This item by TDS Co-Editor William Galston is cross-posted from The New Republic.
In the weeks preceding the Obamacare case, many veteran Supreme Court-watchers could not bring themselves to believe that a majority of the justices would find the individual health insurance mandate unconstitutional. But now that the oral argument is over, the consensus has abruptly shifted, with increased focus on the supposedly ironclad opposition between the five “conservative” justices and the four “liberals.”
Indeed, as commentators consider what kind of decision the Court will hand down in June, they have been increasingly tempted to apply a simple “it’s all politics” template: Liberal justice will favor the individual mandate, conservatives will oppose it, case closed. But that’s hardly ever the right way to look at the Court, and it’s certainly wrong now.
In the first place, the general assumptions that individual justices bring to particular cases are typically jurisprudential rather than straightforwardly political. Some have broad and well-developed views about how the constitution should be read and interpreted. (On the current court, Antonin Scalia, Clarence Thomas, and Stephen Breyer are the best examples.) Others have firm views about the appropriate role of the Court in the constitutional process: Felix Frankfurter famously counseled restraint and maximum feasible deference to legislative decisions, while Earl Warren believed that it was the Court’s responsibility to defend individual rights–against popular and legislative majorities if necessary.
Second, there’s no single model of conservative jurisprudence–or of liberal jurisprudence, for that matter. For example, press coverage often treats Thomas and Scalia as twins. But they aren’t. Thomas is much more willing than Scalia to overrule prior constitutional decisions even when they are venerable and entrenched. In jurisprudential language: Scalia incorporates stare decisis into his decision-making calculus, while Thomas believes that if a constitutional case was wrongly decided a century ago, its age shouldn’t tip the scales against reversal.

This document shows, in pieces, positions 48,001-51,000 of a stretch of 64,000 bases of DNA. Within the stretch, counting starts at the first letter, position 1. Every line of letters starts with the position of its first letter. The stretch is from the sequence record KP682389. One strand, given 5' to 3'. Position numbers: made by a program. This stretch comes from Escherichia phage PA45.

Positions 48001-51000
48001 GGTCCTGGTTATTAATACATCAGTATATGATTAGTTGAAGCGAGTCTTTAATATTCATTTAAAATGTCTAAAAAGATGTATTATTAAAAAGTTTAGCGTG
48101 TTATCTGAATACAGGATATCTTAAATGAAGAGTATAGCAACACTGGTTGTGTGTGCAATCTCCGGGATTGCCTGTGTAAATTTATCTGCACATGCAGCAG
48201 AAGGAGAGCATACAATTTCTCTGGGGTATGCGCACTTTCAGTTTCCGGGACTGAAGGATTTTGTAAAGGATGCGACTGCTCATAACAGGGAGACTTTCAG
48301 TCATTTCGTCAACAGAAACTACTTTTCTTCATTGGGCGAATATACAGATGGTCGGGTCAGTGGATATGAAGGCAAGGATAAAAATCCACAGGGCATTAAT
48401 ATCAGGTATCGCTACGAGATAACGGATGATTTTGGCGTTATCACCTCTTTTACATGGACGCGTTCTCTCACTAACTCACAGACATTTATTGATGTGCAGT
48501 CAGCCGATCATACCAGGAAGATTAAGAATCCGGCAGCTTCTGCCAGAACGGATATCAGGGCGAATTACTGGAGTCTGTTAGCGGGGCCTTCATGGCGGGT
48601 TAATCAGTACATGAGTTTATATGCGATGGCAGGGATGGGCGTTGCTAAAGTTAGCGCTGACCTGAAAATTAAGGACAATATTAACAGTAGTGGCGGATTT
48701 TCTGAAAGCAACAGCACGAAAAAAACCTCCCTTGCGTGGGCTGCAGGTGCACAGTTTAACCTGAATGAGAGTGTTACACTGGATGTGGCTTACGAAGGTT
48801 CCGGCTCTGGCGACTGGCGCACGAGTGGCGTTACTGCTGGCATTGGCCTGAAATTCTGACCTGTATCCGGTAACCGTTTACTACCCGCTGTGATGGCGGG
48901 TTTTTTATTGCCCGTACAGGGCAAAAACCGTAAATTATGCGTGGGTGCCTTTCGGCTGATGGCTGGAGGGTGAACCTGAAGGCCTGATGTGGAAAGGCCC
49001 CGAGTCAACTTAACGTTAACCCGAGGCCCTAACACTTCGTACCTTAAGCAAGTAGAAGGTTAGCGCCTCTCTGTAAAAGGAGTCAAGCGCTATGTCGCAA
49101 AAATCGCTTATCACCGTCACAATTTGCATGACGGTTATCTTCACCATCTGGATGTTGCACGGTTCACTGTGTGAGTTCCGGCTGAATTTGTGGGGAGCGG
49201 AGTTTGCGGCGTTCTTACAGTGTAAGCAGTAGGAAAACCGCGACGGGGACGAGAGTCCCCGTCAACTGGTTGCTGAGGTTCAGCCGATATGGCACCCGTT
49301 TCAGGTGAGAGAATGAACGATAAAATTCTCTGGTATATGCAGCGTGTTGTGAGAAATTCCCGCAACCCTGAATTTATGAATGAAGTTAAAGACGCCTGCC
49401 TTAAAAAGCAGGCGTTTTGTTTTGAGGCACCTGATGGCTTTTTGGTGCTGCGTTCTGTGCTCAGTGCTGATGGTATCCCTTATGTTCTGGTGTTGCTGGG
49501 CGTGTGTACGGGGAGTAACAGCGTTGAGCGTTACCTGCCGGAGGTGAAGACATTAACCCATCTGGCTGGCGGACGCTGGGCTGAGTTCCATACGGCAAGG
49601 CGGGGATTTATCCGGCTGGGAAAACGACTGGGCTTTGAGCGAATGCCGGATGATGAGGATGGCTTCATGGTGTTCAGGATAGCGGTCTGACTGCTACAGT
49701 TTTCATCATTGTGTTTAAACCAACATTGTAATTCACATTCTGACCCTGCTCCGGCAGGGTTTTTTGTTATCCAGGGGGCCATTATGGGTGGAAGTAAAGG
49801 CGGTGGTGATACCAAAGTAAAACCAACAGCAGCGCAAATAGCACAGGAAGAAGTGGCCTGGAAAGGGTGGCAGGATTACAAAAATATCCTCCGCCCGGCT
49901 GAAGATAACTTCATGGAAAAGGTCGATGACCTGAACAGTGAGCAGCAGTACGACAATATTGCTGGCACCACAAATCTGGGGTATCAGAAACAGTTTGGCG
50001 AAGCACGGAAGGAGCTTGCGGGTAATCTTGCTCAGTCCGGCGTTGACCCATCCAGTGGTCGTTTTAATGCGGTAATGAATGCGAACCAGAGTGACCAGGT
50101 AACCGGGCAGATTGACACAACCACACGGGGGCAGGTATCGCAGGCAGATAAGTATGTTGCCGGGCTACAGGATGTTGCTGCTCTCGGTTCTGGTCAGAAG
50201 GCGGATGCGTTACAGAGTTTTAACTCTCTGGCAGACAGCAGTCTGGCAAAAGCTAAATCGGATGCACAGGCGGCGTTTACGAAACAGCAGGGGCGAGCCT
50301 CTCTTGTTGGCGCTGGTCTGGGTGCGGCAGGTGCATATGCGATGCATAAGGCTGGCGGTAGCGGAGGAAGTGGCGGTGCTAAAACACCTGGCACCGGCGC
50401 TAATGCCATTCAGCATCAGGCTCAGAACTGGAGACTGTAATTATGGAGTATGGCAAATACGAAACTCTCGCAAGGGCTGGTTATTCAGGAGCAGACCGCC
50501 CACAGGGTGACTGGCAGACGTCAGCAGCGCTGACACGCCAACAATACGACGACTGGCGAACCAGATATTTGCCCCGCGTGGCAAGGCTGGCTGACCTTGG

Third, justices have different dominant concerns. For Anthony Kennedy, it’s individual liberty, an issue to which he returned repeatedly as he grilled Solicitor General Donald Verrilli on Tuesday. Early in that day’s proceeding he asked, “When you are changing the relation of the individual to the government in this … unique way, do you not have a heavy burden of justification to show authorization under the Constitution?” Later on he expressed his worry that the individual mandate “changes the relationship of the federal government to the individual in a very fundamental way.” By contrast, Justice Scalia and Chief Justice Roberts appeared more concerned about the distinction between the federal government’s enumerated powers under the Constitution as contrasted with the broader police power of the states. (That said, all the conservative-leaning justices seemed to take seriously the distinction between regulating commerce and forcing individuals to enter commerce, and they seemed uniformly concerned that the government had failed to establish principled limits to the scope of the Commerce Clause.)
Indeed, arguments in the Supreme Court take place against a historical backdrop–not only the Court’s history but also that of individual justices. When the justices enter the conference room to vote on current cases, they bring their past decisions along with them. For example, in his concurring opinion in Gonzales v. Raich, Scalia offered a broad interpretation of how the Commerce Clause and the Necessary and Proper Clause work together to authorize federal government regulation to activities that affect interstate commerce, even when those activities are not themselves part of interstate commerce. Many seasoned Court-watchers believed that Scalia would have a hard time squaring that opinion with a vote against the constitutionality of the individual mandate. But on Tuesday, Scalia argued, as he has before, that the two adjectives in the Necessary and Proper Clause impose separate and distinct tests: A particular means to an end may be necessary without being proper, especially if it runs into a wall of constitutional prohibition. The forcefulness with which Scalia made this distinction showed that he was acutely aware of the implications of his own judicial record on these matters.